Triumph expanded the Rocket III family with the Rocket III Classic in 2006. More or less the same bike underneath, it featured lashings of additional chrome and more traditional custom bike touches like footboards and pull back handlebars. A year later the Touring version emerged. Designed to take on the American baggers, it was a significantly different motorcycle with a completely new frame and a modified engine, which was detuned but a little more refined. At 395kg, the Touring was heavier still and never really found its audience, disappearing from the range after a few years.



Rocket III Roadster


An updated model, the Rocket III Roadster, replaced the original and Classic in 2010. Power was boosted by around 9bhp and the ergonomics were more roadster and less cruiser. With a more stripped back and blacked out look, it was more contemporary in its design and a little more refined (especially in the transmission department) but underneath still lay a rather crude design. It was probably not enough of an upgrade to convince many existing owners to trade in their original bikes, let alone attract new buyers, but it remained on sale until 2017, when Euro 4 rules kicked in.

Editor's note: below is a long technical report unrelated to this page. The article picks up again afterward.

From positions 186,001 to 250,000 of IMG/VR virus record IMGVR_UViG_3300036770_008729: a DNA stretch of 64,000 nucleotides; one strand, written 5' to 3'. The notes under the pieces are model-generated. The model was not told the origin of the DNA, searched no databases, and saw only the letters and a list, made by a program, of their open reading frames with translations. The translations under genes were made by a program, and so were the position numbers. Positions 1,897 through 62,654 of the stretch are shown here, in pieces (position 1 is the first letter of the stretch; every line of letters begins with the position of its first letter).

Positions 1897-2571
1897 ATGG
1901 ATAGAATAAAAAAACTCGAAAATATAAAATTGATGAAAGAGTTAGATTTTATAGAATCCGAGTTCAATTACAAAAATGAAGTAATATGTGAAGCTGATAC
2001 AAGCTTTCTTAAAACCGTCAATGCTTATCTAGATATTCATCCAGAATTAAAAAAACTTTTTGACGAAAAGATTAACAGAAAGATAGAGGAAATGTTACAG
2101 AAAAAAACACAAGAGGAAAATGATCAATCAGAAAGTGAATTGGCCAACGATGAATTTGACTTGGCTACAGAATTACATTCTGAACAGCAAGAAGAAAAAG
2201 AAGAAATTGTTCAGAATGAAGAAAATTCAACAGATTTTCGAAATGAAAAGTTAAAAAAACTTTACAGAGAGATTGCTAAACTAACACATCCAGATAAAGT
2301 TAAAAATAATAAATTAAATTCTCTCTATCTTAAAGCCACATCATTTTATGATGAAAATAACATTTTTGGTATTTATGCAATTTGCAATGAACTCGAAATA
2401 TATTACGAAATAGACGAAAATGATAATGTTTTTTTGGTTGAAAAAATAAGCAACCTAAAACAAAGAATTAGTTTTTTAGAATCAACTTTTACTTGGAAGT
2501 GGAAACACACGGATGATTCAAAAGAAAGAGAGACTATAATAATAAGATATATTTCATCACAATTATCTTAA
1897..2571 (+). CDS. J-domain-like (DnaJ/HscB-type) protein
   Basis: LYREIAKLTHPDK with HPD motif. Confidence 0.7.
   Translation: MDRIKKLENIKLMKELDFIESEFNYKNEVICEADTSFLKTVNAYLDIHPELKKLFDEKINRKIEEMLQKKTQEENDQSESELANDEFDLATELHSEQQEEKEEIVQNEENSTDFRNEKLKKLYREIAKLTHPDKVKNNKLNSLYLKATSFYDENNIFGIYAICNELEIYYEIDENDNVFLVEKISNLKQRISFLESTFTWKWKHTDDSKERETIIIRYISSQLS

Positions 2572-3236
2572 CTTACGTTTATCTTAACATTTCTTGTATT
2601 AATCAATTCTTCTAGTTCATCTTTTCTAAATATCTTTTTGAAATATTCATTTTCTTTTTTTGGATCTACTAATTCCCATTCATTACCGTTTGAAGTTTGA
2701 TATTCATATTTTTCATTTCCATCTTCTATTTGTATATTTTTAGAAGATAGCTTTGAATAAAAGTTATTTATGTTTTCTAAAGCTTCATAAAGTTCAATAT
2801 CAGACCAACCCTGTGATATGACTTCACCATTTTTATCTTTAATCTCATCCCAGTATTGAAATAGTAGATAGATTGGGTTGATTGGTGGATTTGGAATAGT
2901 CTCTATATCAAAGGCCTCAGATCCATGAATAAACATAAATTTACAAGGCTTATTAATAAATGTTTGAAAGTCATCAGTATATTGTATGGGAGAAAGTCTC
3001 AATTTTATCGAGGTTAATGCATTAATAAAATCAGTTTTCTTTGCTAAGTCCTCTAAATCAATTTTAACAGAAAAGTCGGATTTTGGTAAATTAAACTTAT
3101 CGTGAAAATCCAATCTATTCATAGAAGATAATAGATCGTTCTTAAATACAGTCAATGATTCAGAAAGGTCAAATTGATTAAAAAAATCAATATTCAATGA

That was the last we’d seen of the Triumph Rocket III, or so we thought.


Current Triumph Rocket 3


The company brought in a more-or-less all-new bike, now dubbed the Rocket 3, in 2019. The engine, based on the original block, now features a staggering 110.2mm bore to take the capacity out to 2,458cc, with power up to 165bhp and torque remaining at 221Nm at just 4000rpm. The Rocket 3 remains the torquiest internal combustion powered motorcycle today and although it remains a brute, the latest iteration features modern electronics and technology, not to mention a more stripped back and aggressive look.

There are two versions of the latest Rocket, designated R and GT, the GT being lower and more touring orientated. Triumph claim a 0-60mph time of just 2.73 seconds for the latest generation bike, which now enjoys features like traction control, rider modes and cornering ABS. Suspension is modern, adjustable, kit from Showa with Brembo supplying the brakes and detailing is top notch, in line with all new Triumphs.

As an added bonus, anyone buying a new Rocket 3 between now and the end of March will receive a special ’20 years of Rocket’ gift pack, which includes a customised Wingback pen engraved with the bike’s unique 17-digit VIN number.


Latest Rocket 3 riding